Listening Be a friend who is prepared to give their time, to listen and to acknowledge the extent of your friend’s loss. Listening is the key. Bear witness, and allow your friend to be upset, to be confused and contradictory, or to say nothing at all. Every time they tell their story once more, or are allowed to say how important the person who has died was, the burden of carrying their pain on their own is incrementally a little lighter.
It’s not about you Follow the mourner’s lead: they may not want to talk about their grief right now, or even with you. It is good to say something to acknowledge their loss, but then let them have the control they need (they had none over the death), to choose to talk or not. If they ask you to come and be with them, and want to talk openly to you, go. If they truly do not want you to visit, and do not want to deal with it at that particular time, don’t force it on them. Don’t confuse your need to speak, call or be in contact with your friend’s need.
Acknowledgement Death isn’t catching, but those who are bereaved might think so, judging by the fear they see in other people’s eyes. People are frightened about whether to come forward, about what to say, about saying the wrong thing – so, in the end, they say nothing. All of that comes from a belief that whatever you say should make things better, that you should have enough wisdom to make the pain more bearable. But you can’t. Nor do you need to. Being kind enough to dare to acknowledge them and their situation is good enough.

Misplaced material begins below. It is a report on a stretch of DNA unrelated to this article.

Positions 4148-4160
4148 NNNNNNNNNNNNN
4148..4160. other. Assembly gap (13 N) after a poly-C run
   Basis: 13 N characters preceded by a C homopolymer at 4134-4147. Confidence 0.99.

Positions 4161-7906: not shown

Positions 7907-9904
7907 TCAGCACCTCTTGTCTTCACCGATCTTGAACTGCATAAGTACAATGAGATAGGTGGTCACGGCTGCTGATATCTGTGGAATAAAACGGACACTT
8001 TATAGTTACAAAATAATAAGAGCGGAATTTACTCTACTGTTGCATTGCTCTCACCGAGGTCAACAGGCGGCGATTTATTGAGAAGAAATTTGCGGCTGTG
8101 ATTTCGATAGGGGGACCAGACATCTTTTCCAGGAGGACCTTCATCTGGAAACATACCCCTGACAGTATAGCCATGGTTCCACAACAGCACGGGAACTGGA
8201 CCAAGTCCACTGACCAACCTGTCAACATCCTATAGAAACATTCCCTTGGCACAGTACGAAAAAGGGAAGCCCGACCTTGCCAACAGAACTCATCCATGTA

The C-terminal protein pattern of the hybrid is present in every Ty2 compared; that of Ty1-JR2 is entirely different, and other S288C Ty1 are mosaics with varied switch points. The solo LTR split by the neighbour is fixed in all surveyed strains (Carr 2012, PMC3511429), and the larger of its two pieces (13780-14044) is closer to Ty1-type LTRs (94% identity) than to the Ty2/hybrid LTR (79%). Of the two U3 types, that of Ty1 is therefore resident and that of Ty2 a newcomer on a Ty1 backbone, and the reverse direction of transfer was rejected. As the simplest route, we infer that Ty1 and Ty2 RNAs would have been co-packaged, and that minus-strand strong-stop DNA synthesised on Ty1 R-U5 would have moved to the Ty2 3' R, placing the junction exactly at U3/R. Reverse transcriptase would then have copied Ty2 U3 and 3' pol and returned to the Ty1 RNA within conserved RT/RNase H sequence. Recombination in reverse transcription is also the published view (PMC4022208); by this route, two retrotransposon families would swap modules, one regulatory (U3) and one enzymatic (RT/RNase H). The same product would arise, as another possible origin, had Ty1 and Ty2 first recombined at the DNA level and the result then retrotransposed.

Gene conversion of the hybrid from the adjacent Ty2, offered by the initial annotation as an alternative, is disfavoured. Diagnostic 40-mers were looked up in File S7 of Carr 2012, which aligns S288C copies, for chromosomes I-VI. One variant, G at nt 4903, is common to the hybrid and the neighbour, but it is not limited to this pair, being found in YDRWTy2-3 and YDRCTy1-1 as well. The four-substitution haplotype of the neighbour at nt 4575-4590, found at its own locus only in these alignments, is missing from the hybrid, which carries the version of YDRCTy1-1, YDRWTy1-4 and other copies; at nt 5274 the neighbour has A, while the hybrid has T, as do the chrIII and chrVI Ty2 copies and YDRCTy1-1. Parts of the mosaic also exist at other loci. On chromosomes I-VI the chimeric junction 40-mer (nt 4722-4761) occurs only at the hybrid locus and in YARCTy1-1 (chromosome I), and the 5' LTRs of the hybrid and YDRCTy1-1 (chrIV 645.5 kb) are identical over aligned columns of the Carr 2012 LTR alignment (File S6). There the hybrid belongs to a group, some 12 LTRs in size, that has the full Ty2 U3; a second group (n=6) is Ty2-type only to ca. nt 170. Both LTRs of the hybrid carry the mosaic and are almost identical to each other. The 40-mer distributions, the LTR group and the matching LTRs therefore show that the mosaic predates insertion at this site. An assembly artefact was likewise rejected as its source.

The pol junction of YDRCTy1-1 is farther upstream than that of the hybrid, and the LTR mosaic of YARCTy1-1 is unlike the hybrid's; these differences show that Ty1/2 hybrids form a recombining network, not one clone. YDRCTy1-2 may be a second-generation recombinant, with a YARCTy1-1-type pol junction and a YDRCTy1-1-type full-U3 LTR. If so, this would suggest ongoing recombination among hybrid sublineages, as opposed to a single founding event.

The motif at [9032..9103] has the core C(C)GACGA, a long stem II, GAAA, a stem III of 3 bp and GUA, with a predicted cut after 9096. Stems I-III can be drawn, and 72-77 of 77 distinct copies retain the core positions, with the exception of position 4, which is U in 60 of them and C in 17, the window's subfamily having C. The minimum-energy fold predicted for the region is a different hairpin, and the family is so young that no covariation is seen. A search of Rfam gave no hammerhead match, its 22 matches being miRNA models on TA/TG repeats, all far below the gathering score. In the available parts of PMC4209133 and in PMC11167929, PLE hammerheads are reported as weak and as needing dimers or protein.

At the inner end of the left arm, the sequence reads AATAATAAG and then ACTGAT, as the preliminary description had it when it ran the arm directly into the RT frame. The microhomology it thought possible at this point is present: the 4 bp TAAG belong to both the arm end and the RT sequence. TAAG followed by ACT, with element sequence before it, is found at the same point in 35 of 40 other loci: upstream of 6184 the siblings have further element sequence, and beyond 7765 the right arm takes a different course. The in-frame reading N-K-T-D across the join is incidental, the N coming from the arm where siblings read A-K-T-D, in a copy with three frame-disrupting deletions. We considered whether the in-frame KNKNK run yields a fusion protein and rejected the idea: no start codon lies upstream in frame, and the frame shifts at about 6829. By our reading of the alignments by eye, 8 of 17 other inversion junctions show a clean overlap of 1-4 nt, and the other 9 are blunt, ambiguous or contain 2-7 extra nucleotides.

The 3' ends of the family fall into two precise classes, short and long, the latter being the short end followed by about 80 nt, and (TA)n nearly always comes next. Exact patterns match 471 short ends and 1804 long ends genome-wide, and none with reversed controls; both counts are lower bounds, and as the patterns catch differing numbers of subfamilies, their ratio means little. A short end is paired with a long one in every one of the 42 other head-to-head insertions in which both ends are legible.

Offering to be there if they need you, suggesting that they should be the one to ring you, is probably asking too much of your friend at this time. It is better if you take the initiative and make contact, and then follow their lead: they may want to see or speak with you – or not. Often, people don’t make contact because they feel they don’t know the bereaved person well enough. If you are erring one way or the other, better to err on the side of making contact.
Practical help Doing practical things is often what really makes a difference. Don’t say, “Let me know if I can help”; actually do something helpful. At the beginning of a bereavement, there may be a lot of people around, so bringing food may be the best thing you can do. Taking food around for longer than the initial crisis is rare, and therefore particularly appreciated.
Honesty Be honest; honesty is comforting and easy to deal with. There is a direct cleanness to honesty that cuts through much of the complex messiness of grief, and this can come as an enormous relief to people.
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